Smells like collusion

ARDA ALAN IŞIK
ISTANBUL
Published 19.06.2015 23:50
Updated 19.06.2015 23:55
Smells like collusion

Galatasaray's caretaker chairman Duygun Yarsuvat announced his candidacy for the Turkish Football Federation presidency with a sensational statement. Yarsuvat accused the Yıldırım Demirören administration of empty stadiums, low quality games, hatred among clubs et cetera. To be honest, most of Yarsuvat's complaints are the same as mine, nevertheless these statements are too "pure" to be said by a chairman who made Galatasaray throw away its long-term plans and concentrate only on championship last season. Thus, there is an inconsistency between Yarsuvat's statements and actions.

On the other hand, Haluk Ulusoy ex-chairman of the Turkish Football Federation, also announced his candidacy. He also complained about the Demirören administration's antidemocratic practices and accused them of manipulating political actors for their own benefit. Nonetheless, Ulusoy is as controversial a figure in Turkish football as Demirören. During his presidency, Ulusoy ruled the TFF with worse antidemocratic practices than Demirören and despite the government's objection in 2006 he somehow managed to become the chairman for the second time, among the chaotic atmosphere of Turkey stimulated by military tutelage.

Therefore, these guys may seem nice and promising in the first place, but when we take them in their context, something smells really bad. Demirören claimed to have the support of 240 delegates in the federation, and given the fact that there are 300 delegates in the federation, most likely Ulusoy will not be even able to find enough support to announce his candidacy officially.

Added to that, all the Super League clubs except Galatasaray announced their support for Demirören, thus Duygun Yarsuvat does not have enough support either.

To sum up, you may say even if there is no chance for them to be elected, there is still a symbolic meaning. But just look the people who are objecting to Demirören; a passive and traditional caretaker chairman and an ex-chairman who was as terrible as Yıldırım Demirören. Are these people going to change the core of Turkish football? I do not think so. Rather, they are using the political space that can be used against Yıldırım Demirören for themselves. In other words, they create the illusion there is a real opposition against Demirören, which eventually blocks a real opposition.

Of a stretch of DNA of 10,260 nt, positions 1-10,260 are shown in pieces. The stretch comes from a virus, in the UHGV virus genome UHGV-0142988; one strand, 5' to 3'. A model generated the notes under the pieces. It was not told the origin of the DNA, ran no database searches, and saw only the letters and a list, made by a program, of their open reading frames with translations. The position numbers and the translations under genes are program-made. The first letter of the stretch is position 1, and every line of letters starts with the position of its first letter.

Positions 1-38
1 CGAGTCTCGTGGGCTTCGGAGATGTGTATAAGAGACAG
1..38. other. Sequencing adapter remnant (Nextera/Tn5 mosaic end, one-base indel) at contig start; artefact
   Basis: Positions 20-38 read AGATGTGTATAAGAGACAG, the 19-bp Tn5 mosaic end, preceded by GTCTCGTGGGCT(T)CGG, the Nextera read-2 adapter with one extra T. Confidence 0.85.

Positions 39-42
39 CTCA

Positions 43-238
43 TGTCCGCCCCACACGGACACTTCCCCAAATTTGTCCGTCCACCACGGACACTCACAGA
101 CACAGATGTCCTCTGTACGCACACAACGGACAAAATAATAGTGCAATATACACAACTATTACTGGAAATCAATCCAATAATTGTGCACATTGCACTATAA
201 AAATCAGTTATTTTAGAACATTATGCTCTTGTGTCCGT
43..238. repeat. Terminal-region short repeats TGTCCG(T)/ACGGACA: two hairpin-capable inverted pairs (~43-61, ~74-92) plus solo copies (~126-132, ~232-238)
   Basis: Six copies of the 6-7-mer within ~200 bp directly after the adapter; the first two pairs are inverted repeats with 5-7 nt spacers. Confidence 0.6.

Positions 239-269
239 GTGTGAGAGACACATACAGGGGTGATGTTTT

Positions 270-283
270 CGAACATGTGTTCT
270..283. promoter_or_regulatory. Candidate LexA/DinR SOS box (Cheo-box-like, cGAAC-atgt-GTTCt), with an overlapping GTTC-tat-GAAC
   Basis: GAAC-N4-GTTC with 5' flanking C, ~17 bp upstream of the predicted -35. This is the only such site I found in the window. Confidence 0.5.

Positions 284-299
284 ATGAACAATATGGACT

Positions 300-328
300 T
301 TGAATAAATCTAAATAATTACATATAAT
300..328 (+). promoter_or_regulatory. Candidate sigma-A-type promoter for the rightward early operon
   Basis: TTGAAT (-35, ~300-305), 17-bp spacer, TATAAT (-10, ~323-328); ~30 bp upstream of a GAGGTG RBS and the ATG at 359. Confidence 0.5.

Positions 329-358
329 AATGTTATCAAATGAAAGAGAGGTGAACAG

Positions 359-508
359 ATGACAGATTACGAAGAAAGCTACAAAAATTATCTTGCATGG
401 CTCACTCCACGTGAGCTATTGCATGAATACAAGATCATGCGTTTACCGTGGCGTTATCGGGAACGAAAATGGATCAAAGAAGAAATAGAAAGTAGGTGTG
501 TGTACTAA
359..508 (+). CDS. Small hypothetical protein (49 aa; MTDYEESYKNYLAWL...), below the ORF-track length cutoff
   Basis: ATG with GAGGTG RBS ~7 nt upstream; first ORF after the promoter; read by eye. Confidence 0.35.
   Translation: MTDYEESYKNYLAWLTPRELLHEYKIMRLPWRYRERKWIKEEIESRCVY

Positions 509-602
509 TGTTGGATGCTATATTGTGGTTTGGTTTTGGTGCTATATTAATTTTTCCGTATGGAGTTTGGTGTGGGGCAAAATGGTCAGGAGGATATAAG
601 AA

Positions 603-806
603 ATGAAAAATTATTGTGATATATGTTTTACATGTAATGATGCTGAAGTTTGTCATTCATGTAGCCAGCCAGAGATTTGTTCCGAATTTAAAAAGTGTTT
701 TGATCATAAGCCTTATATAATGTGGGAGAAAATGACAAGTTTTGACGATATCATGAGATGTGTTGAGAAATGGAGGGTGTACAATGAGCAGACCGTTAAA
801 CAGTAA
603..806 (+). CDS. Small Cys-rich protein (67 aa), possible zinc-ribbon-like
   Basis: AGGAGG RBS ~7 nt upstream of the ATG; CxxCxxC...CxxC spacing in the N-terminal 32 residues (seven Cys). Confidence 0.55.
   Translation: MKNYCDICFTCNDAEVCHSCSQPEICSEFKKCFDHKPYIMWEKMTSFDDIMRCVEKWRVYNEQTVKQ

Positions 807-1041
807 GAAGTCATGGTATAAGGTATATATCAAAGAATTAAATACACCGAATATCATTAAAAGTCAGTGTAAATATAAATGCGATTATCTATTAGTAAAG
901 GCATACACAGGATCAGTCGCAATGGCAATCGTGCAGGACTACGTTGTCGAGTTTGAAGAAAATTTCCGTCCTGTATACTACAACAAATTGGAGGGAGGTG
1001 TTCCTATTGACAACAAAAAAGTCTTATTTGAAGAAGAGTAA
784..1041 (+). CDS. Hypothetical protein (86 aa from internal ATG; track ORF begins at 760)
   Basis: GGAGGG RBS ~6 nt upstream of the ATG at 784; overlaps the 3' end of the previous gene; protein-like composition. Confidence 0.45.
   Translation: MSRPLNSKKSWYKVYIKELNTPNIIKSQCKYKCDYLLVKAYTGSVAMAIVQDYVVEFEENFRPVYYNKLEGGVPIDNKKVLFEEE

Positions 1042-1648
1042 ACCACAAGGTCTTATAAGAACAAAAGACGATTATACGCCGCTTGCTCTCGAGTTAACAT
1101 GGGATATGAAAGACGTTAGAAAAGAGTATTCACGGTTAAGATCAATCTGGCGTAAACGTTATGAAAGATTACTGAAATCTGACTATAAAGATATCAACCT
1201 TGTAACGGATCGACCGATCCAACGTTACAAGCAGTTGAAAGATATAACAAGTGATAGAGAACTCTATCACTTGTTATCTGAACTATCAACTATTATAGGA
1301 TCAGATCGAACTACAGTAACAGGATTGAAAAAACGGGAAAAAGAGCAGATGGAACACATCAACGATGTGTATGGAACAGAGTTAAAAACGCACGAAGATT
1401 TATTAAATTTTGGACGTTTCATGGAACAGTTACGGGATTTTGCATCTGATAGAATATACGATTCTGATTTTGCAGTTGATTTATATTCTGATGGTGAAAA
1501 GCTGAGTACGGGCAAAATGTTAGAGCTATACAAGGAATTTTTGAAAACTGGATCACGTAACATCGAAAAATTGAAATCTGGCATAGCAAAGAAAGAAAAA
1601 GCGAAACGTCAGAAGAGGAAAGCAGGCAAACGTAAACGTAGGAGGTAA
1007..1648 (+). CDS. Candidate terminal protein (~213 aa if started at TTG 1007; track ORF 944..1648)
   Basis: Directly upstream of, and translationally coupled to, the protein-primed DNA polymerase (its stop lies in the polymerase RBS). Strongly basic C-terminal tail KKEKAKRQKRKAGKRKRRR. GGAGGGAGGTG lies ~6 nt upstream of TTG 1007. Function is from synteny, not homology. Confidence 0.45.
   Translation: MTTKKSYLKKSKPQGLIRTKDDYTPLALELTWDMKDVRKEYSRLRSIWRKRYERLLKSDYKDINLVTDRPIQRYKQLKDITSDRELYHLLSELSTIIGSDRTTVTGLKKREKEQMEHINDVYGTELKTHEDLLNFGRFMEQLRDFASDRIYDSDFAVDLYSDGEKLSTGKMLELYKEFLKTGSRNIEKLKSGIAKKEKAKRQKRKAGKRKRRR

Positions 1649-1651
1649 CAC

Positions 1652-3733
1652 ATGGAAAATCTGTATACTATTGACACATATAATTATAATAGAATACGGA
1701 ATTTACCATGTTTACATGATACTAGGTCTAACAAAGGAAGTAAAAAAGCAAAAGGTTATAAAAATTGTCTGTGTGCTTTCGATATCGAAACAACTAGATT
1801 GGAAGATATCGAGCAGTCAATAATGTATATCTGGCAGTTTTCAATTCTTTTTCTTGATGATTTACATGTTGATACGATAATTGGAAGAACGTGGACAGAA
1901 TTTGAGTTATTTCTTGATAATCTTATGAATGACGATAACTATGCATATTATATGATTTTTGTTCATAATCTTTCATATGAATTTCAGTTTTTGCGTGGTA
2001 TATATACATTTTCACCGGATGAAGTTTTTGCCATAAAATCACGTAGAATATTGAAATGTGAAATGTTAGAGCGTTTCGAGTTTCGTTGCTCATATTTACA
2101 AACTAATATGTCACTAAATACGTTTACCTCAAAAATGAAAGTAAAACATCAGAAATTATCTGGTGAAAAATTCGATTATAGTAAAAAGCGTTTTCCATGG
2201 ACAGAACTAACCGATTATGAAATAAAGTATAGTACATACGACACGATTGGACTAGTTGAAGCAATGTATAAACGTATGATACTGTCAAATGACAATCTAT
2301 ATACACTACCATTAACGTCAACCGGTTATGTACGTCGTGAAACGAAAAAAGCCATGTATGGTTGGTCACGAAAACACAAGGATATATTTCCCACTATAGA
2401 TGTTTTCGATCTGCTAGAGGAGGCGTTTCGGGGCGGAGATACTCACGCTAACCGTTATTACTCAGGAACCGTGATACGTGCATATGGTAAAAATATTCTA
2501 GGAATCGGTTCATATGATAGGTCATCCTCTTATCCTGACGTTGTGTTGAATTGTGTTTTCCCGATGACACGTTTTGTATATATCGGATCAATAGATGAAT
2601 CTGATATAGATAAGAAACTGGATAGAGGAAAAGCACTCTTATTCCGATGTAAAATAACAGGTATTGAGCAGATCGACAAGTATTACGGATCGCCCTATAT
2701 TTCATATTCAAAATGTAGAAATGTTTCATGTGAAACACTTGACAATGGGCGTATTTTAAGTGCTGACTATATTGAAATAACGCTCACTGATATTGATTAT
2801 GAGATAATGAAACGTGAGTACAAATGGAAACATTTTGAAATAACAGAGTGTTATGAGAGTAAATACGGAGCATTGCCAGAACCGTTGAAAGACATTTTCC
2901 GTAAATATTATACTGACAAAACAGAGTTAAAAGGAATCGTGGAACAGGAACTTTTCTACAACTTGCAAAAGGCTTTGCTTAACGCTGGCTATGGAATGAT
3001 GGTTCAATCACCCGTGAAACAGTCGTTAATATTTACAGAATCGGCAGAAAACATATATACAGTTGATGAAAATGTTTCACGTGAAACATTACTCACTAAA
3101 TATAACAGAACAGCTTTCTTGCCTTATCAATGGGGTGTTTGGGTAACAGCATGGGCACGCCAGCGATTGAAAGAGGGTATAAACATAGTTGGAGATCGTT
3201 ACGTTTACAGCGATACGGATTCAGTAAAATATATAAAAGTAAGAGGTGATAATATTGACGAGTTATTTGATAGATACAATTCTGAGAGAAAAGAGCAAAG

At least you tried, Mehmet Demirkol

It seems that Fenerbahçe's new centre-back Simon Kjaer brought more excitement to Milliyet columnist Mehmet Demirkol than coach Vitor Pereira. He said:
"Simon Kjaer may not make you a magnificent team, but his presence indicates that you intend to build a very good team. He knows where to stand, he is strong, fast and enduring. Added to that, technically he has to be taken into consideration. If Fenerbahçe finds another defender with leadership skills and focus more on dead balls he might take the team to another level."
Well, Demirkol tried, but tried a bit too much. Yes, Kjaer could be a key player, especially when it comes to building the play from defense. But the question is, how is Pereira going to use him? Pereira's previous stint show that he looks at center backs in a traditional way. Thus, Kjaer would lose his advantages due to poor management.

Rather, Demirkol should focus on Pereira's approach to the club. After five crucial players left the club, it is certain that Pereira is making radical changes. Nevertheless, let us hope that he does these in order to create a self-sufficient Fenerbahçe. Otherwise, neither Kjaer nor Nani will make a difference.

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